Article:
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Does your company require Multi-Factor Authentication?

If you don’t have Multi Factor Authentication (MFA) turned on for your business email, do it now!

Business Email Compromise (BEC) attacks are one of the most damaging cyber-crimes and have been on the rise in recent years. According to the FBI’s Internet Crime Report for 2021, BEC attacks resulted in over $1.8 billion in losses …and that is just what was reported to the FBI. Although it is impossible to stop every type of attack, there is one simple step that can be taken to mitigate your risk. Multi Factor Authentication or MFA.

What is MFA? Simply put, MFA allows you to present two (or more) pieces of evidence when logging into an account. This evidence could be one of the following: something you know (password), something you have (smart phone), or something you are (fingerprint). MFA requires you to use evidence from more than one of these categories. If you have ever used an ATM, you have used MFA. Your debit card is something you have; your PIN is something you know

Why enforce MFA on your business email? While MFA should be enforced on as many accounts as possible, we think it is most important to secure your business email. You probably conduct a lot of business on your email – requests to your financial institution, scanning in checks to send to your accountant, sending/receiving confidential employee information (PII). Without MFA enforced, you leave all that information (either sitting in your inbox or in your sent items) available to a hacker if your credentials are compromised. Also, as more businesses turn to OneDrive and SharePoint Online for cloud file storage, those files become vulnerable as well.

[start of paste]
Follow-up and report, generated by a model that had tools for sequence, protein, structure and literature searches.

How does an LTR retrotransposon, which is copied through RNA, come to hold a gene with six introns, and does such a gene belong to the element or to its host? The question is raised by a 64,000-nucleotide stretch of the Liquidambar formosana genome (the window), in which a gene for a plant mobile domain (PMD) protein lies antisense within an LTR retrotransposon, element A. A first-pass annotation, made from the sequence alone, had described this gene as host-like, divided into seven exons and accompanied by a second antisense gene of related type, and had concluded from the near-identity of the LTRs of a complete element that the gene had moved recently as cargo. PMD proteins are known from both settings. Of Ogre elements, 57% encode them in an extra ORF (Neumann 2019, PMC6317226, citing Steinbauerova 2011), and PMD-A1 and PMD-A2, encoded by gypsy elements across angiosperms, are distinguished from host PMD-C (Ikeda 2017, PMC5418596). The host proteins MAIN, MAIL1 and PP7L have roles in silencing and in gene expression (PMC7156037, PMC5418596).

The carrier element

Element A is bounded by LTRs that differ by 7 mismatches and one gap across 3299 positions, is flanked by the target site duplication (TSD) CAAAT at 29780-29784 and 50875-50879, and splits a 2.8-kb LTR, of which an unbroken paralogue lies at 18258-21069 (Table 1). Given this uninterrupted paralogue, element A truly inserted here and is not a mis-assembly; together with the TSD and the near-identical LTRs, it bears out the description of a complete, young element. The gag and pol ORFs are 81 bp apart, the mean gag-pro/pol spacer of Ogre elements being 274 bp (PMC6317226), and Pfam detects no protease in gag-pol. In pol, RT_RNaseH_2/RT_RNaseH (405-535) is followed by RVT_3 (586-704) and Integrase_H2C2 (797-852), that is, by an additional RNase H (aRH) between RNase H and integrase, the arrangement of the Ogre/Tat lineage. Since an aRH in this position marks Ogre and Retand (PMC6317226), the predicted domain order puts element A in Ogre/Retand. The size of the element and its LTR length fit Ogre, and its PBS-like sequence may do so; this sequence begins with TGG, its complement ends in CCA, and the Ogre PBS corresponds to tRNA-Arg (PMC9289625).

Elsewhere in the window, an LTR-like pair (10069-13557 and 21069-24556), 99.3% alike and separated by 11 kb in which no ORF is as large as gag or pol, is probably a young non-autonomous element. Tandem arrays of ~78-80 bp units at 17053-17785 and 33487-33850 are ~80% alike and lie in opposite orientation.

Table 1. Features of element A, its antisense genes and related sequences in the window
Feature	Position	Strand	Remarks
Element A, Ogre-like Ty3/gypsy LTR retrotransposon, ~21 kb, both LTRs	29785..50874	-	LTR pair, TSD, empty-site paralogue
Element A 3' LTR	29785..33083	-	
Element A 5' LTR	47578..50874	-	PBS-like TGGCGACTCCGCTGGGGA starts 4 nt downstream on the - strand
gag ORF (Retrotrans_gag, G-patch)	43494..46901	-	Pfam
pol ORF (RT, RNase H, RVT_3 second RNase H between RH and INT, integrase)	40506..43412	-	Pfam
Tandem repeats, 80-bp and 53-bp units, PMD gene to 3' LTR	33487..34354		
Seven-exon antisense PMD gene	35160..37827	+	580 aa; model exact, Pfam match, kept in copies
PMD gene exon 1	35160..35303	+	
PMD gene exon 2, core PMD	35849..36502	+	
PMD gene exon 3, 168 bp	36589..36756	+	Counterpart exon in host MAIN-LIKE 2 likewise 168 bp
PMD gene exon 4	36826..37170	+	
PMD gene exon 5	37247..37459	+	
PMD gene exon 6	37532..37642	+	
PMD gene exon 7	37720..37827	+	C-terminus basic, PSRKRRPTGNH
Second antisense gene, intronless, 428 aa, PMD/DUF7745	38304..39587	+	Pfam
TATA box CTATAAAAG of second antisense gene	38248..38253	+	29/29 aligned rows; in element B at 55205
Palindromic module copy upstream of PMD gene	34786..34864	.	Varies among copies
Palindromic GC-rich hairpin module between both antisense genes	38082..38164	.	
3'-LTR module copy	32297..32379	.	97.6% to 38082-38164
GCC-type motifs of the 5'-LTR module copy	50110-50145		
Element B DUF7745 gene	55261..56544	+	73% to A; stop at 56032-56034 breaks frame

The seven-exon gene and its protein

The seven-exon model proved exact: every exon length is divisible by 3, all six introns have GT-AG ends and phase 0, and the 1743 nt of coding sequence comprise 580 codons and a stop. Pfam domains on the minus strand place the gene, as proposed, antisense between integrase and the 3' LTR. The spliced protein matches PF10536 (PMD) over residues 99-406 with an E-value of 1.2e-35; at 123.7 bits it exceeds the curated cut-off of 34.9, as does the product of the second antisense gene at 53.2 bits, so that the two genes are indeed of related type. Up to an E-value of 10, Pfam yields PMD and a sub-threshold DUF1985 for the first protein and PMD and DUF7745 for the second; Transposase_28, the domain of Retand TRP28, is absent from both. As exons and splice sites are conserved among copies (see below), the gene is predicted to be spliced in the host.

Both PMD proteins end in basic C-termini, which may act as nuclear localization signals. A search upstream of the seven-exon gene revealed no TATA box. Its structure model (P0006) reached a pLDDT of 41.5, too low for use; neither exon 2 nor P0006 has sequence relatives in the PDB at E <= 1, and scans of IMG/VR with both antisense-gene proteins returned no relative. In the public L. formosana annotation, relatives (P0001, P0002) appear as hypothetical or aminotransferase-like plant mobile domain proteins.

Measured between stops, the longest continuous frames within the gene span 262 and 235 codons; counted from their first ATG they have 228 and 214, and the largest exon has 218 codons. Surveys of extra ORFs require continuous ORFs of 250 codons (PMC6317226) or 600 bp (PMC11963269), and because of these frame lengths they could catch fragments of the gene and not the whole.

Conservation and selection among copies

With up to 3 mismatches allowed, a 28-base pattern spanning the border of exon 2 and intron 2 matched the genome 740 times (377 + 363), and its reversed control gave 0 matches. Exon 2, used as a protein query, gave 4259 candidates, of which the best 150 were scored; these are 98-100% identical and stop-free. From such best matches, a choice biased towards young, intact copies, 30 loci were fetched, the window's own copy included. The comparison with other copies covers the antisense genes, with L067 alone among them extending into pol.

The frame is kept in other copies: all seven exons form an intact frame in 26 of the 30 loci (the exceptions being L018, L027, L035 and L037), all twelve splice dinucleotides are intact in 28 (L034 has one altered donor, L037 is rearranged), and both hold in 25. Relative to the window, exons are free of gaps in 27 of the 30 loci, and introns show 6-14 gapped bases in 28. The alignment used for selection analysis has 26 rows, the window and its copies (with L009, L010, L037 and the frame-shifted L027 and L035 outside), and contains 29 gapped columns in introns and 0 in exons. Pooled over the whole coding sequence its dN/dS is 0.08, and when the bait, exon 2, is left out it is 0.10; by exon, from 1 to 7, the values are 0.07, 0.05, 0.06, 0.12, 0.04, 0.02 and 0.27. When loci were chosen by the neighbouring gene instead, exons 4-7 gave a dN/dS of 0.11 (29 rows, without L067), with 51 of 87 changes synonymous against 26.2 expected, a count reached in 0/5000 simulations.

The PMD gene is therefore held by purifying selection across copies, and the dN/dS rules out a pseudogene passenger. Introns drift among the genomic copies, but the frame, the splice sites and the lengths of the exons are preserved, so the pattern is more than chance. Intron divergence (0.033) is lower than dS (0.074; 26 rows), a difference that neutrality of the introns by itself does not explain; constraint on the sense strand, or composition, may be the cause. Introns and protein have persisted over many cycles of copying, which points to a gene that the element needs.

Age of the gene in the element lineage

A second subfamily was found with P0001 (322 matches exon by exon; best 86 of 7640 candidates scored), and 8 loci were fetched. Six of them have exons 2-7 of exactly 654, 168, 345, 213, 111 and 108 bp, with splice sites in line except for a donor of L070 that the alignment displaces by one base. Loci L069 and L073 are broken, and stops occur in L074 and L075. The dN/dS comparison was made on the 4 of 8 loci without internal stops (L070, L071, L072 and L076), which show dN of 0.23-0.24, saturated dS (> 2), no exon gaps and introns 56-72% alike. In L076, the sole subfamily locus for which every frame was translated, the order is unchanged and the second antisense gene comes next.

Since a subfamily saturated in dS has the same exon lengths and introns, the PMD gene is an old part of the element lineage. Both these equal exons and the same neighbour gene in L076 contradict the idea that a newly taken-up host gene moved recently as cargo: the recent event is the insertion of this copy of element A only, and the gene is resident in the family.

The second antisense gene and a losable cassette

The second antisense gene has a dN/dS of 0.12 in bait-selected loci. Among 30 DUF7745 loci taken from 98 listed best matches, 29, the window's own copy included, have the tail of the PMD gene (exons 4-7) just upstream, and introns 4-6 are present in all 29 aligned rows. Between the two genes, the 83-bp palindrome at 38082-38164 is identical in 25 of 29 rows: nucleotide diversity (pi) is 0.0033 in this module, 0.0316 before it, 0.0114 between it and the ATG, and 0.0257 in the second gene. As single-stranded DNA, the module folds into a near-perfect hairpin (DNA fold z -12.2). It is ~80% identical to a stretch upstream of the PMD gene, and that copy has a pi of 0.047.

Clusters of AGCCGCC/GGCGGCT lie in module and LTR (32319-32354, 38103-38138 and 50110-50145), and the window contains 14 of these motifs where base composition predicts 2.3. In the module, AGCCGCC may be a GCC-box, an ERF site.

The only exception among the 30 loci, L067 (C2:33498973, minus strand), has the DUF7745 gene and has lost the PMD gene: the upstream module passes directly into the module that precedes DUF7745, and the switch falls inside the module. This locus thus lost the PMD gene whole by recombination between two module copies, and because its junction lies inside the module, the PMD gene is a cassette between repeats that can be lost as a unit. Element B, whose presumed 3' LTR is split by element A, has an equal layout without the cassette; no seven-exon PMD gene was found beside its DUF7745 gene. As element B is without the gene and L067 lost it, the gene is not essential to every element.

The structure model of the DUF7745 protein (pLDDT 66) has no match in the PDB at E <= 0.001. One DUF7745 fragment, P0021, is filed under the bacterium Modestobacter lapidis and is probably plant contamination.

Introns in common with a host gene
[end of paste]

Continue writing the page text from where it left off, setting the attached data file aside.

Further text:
What do you do now? Talk to your IT support provider and ask them to develop a plan to start enforcing MFA on your business email account. It is important that you plan this out properly. Make sure to take into consideration all of the systems that currently use email (think about your copier that scans to email, or your CRM that sends email to your clients) and verify that they will continue to work after you enable MFA. If you don’t have an IT support provider, Copy Systems, Inc. can be a partner with a local, security-focused Managed Service Provider.

For more information on Multi-factor Authentication read this Internet Crime Report from the FBI:


This article was written by Aaron Fincham, vCIO at Copy Systems Inc.